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MartyG1525230263

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MartyG1525230263 last won the day on August 25

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  1. Welcome to the art of lager brewing and good luck. I have made the Czech Pils a few times and have been frustrated by what seems simple being very difficult to do well. All brews have been better than the previous but I know there is still room for improvement. There is no doubt when fermenting at low temps there is no place to hide. My advise is, if you want to create a good clean crisp Pils follow what Otto says to the letter. He is the lager guru of the group.
  2. I should be able to check viability by putting say 100ml of a sugar solution in the jar and re-sealing it and stored at ferment temp for say a week. CO2 should be produced and the jar will have some pressure in it when reopened if viable.
  3. same same .... The US05 and the Notts get used frequently, the last use of the M36 was probably 6 months after harvest and had no issues. The one that will be a concern is the W34/70. It would be close to a year since it was used however, theoretically the yeast should still be viable ... from my way of thinking a bigger concern would be changes in the culture as the generations increase and making a crap tasting brew ...
  4. Job well done ... it really is a piece of cake to do ... I found over time that I progressed to smaller jars... I now use jars in the 250ml - 350ml range ... They take up less room in the fridge and fit perfectly on the only door shelf I have in the keg fridge ... harvesting and building a yeast library really is the way to go ... I would guess that those who harvest have probably 5 or 6 yeasts that they use regularly ... right now I have a 5th or 6th gen US05, a 4th gen M36, and 3rd gen of Nottingham and 2nd gen Urquell 2001 and W34/70 ... I would be pretty confident that we all have a go to yeasts that we harvest and re-use and a couple of specialty that we only use for a particular beer ...
  5. You guys need to stand up for yourself and not let SWMBO control your life as I said to mine the other night when I put her in her place "will you please stop telling how the dishes should be done" ....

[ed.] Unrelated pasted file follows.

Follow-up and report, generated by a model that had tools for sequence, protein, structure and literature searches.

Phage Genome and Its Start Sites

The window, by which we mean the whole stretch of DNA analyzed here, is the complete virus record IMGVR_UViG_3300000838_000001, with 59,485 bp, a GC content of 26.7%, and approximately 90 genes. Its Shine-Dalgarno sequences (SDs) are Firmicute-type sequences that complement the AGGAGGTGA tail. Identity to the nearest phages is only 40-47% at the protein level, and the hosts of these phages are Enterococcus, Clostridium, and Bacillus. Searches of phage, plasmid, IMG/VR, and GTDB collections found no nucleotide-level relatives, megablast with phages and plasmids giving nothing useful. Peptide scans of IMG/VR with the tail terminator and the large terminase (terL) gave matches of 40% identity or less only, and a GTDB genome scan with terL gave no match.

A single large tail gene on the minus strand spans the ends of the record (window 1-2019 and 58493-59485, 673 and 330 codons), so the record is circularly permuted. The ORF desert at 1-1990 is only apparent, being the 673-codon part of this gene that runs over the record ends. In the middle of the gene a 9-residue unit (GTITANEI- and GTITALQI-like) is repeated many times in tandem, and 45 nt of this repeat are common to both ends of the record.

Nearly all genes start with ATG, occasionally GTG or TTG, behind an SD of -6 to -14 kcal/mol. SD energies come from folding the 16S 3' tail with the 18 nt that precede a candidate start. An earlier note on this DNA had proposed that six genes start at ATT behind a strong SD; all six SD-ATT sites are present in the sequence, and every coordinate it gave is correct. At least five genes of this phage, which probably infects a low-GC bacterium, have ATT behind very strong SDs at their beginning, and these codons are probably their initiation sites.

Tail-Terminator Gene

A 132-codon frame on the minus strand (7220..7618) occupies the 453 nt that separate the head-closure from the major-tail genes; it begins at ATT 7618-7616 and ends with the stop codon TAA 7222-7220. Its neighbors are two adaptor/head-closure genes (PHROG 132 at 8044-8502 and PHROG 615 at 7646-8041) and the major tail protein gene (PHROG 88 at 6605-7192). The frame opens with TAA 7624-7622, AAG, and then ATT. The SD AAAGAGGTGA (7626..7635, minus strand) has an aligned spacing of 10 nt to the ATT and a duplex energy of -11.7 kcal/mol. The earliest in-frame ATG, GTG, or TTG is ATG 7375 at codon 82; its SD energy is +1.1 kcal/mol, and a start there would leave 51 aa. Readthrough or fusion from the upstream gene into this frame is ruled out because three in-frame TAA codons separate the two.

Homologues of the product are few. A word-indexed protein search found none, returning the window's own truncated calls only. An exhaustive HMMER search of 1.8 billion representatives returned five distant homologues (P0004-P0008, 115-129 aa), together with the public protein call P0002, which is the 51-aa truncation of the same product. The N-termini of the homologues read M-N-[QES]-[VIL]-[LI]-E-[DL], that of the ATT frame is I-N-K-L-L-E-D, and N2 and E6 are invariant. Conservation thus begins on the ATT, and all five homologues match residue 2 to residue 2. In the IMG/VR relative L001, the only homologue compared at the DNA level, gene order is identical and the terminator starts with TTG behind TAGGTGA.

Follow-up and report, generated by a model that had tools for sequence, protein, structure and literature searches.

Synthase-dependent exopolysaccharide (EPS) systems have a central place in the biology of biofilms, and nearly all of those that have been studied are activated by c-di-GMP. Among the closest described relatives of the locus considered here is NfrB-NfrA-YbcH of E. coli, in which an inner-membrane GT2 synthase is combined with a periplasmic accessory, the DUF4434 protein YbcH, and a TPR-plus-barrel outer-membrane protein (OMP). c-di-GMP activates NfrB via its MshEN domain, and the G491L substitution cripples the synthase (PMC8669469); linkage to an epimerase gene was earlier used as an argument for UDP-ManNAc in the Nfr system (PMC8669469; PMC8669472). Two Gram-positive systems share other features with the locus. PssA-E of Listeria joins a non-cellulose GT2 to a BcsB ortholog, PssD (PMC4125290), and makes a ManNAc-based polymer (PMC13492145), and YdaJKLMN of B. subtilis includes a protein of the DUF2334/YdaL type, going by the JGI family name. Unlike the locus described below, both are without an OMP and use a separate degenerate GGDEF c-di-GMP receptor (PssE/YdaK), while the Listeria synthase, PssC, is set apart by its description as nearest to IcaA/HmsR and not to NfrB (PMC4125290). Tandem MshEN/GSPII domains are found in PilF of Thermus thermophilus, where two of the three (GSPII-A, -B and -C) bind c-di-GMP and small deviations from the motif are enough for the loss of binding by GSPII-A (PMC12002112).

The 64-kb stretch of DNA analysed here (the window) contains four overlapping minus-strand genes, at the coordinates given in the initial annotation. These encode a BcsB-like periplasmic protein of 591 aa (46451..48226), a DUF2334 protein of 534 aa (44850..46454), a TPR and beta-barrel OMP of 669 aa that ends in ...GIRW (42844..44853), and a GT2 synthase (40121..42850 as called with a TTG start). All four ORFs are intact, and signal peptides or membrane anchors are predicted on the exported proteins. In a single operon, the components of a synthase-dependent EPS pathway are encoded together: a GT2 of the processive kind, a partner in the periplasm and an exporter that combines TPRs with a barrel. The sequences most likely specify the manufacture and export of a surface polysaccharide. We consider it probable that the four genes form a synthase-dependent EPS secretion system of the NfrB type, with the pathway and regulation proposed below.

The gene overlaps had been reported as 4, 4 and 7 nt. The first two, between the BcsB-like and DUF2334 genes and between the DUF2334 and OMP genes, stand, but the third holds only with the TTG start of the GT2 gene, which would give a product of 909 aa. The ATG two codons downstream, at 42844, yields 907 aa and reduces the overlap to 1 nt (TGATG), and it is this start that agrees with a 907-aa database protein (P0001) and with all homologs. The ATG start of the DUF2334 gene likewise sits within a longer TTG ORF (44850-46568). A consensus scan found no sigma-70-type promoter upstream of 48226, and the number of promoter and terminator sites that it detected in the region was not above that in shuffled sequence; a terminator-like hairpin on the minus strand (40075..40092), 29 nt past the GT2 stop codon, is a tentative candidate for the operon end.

6. And if you are patient you may pick one up on special for around $40 That is what I paid for mine 12 months ago.
  7. I live in the Blackall Range Valley below Montville and I need heating during the coldest part of winter. Can get pretty chilly here just before sunrise and had to start using the heat belt when I noticed that a brew that was at 11o ferment temp had dropped to 5o overnight. So out came the heat belt. I don't know how often it goes on but I use it for about 3 months of the year.
  8. I normally just use permanent marker straight onto the bottle ...
  9. I have too and I think WHY? I remember the 1st Corona I had. It was 3 or more decades ago. I took one decent guzzle and nearly spat it out then my mate said " here put some lemon in the neck" and my reply was NO I will just go get a decent beer and if memory serves me right I came back, here is one for the old school cockroaches, with a Reschs draught and the Reschs brewery was still in production at the time. Good tasting beer that stuff.
  10. As with so many things may end up false economy but I get the drift.
  11. by the way @BlackSands just ove the way you always throw research into the threads ... you sure are dedicated to finding out what is best for the beer ...
  12. interesting, I know the biggest no no is direct sunlight ... if you have bottles 100% need to keep them in a dark area away from light ...
  13. @Journeyman that just sounds way too convoluted to me and I don't quite understand what you are trying to do. I would have spent the extra $20 to get the 308.
  14. Maintaining temp at a constant is probably best and if that constant is cold even better. Rapid temperature increase is 100% a no no. Slow rise at ambient is OK for a few reasons mainly to do with how slow it takes a large volume of H2O to increase by 1o . So in in order: Maintain at constant cold temp. Maintain at constant ambient temp. Slow rising at ambient is OK but not optimal finally 100% avoid rapid temp rises.
  15. What sort of controller do you have? InkBirds have two points on them one for heat and one for cold so both are plugged into the InkBird and then the InkBird is plugged the mains as it is the InkBird that control away from the thermostat ...
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